Small Law Firms, Solo Practitioners, Sports

Size Matters: Sport-Minded Solo Success Story

Last week, I thought my life had ended. No, it was not the announcement that All My Children is ending this week. That tragedy I learned to live with once I found out that online episodes will start airing this winter. It was because my iPhone broke, or at least I thought it had.

I panicked. I, like those fax machine loving small-firm attorneys, am not tech savvy. So, I went straight to the Apple website and set up an appointment at the Genius Bar. As I was waiting for my appointment, I emailed a friend to ask her if she had any idea on how to fix my phone. She responded, “Did you Google it?” No, I had not. And, within thirty seconds of web-searching, I had found the solution to my problem.

I realized from our email exchange that there are two types of people in this world: people who are helpless, and those who help themselves. Since learning that I had yet another issue to work on, I set out to find a small-firm lawyer who practices self-help.

Meet Jessica Fairchild of Fairchild Law Offices, LLC. Fairchild, a University of Chicago graduate and former Sidley Austin attorney, started her own firm in May 2010. Fairchild’s path to solo success was the result of this lady making things happen. While I would unlikely be able to follow suit unless there is a way to use the Genius Bar to find small firm success (niche alert!), you can try for yourself by following these steps….

Step 1: Chart a New Path in Biglaw

The old adage is “do good work,” and then you will be promoted. Fairchild certainly did “good work,” but she took it to the next level and created her own opportunities. In 2007, Fairchild joined a small group of other Biglaw attorneys working for Chicago 2016, the not-for-profit organization that led Chicago’s bid for the 2016 Olympic and Paralympic Games. Fairchild became General Counsel of Chicago 2016 in January 2007. In her role as General Counsel, Fairchild oversaw the day-to-day legal issues of the organization (e.g., employment issues, contracts, etc.) and was responsible for legal issues relating to the bid.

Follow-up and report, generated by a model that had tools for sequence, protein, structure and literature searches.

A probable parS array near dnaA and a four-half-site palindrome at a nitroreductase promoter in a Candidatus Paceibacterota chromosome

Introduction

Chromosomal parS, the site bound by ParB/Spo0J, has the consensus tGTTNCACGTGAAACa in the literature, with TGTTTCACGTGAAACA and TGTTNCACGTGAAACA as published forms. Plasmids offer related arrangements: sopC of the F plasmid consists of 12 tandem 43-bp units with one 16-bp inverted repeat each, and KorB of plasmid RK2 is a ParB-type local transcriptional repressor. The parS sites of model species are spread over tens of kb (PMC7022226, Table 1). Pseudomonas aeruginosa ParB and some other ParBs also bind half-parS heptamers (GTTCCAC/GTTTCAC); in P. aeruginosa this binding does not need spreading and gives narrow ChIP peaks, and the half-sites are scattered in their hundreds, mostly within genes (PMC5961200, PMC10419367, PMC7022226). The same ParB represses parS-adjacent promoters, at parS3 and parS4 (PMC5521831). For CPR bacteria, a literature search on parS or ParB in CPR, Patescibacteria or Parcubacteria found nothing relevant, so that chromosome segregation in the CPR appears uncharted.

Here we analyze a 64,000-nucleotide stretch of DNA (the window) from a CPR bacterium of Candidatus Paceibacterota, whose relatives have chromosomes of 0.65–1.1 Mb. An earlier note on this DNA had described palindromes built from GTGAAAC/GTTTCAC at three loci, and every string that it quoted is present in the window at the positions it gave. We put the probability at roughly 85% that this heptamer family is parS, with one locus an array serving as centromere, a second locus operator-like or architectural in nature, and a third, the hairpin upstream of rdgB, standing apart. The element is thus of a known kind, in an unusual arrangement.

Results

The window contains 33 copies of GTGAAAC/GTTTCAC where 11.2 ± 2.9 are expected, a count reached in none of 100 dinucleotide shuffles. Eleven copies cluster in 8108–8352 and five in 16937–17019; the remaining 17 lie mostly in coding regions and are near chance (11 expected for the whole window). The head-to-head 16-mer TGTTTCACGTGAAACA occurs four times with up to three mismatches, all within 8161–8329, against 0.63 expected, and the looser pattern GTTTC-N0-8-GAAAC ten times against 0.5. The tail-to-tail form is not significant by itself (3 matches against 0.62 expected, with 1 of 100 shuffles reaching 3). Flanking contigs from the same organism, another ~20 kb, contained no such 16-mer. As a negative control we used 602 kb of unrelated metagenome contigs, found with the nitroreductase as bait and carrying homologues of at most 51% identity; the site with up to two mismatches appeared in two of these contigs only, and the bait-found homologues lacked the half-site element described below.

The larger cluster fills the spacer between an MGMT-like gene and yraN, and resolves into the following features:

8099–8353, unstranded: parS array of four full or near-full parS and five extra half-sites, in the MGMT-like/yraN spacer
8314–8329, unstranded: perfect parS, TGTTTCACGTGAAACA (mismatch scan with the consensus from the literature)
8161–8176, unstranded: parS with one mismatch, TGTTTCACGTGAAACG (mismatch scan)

Step 2: Take a Leap

In October 2009, Chicago lost the Olympic bid and so Fairchild was left with a decision. She was torn between returning to Sidley to continue her corporate securities practice, or striking out on her own. Fairchild ultimately decided to take the lessons she had learned as a Sidley lawyer and as a general counsel for Chicago 2016 (and her love of sports), and open a solo practice that offered transactional services in areas including sports law, intellectual property, and corporate law.

Step 3: Leverage Your Network and Exploit Your Background

When Fairchild went out on her own in 2010, she did not have any clients. However, she had built strong relationships with lawyers at Sidley, former clients, and all of the many people she worked with at Chicago 2016. And she had a track record of success as a general counsel. This meant that Fairchild had the business appreciation that comes from working in-house, and which appealed to her clients, who often did not have an in-house legal team.

In fact, many of Fairchild’s early engagements (and current engagements) involve Fairchild acting as an “outside” general counsel for her clients. She also represents some large companies on matters involving corporate transactions and contracts. Her practice has grown through referrals of her former colleagues and happy clients.

Following these (not so) simple steps, Fairchild has been able to create a thriving and diverse transactional practice. When asked if she considered specializing on sports law only, Fairchild said: “While I love sports and represent various clients on sports law issues, I think it is important for solo practitioners to maintain a broader focus. My clients have many different legal needs and I need to be able to serve them.”

For those of us who might lack Fairchild’s chutzpah, she offered one final tip. “It is important to be deliberate when making decisions that affect your career trajectory. Have a plan but do not be afraid to deviate if an unexpected opportunity arises. As early as possible in your career, focus on building relationships with your colleagues, clients, and opposing counsel. And, along the way, learn how to juggle. If you do these things, you will be making things happen for yourself.”

Or, just copy what she did.

Oh, and if your iPhone dies, press all the buttons until the little guy rises again.

When not writing about small law firms for Above the Law, Valerie Katz (not her real name) works at a small firm in Chicago. You can reach her by email at and follow her on Twitter at @ValerieLKatz.

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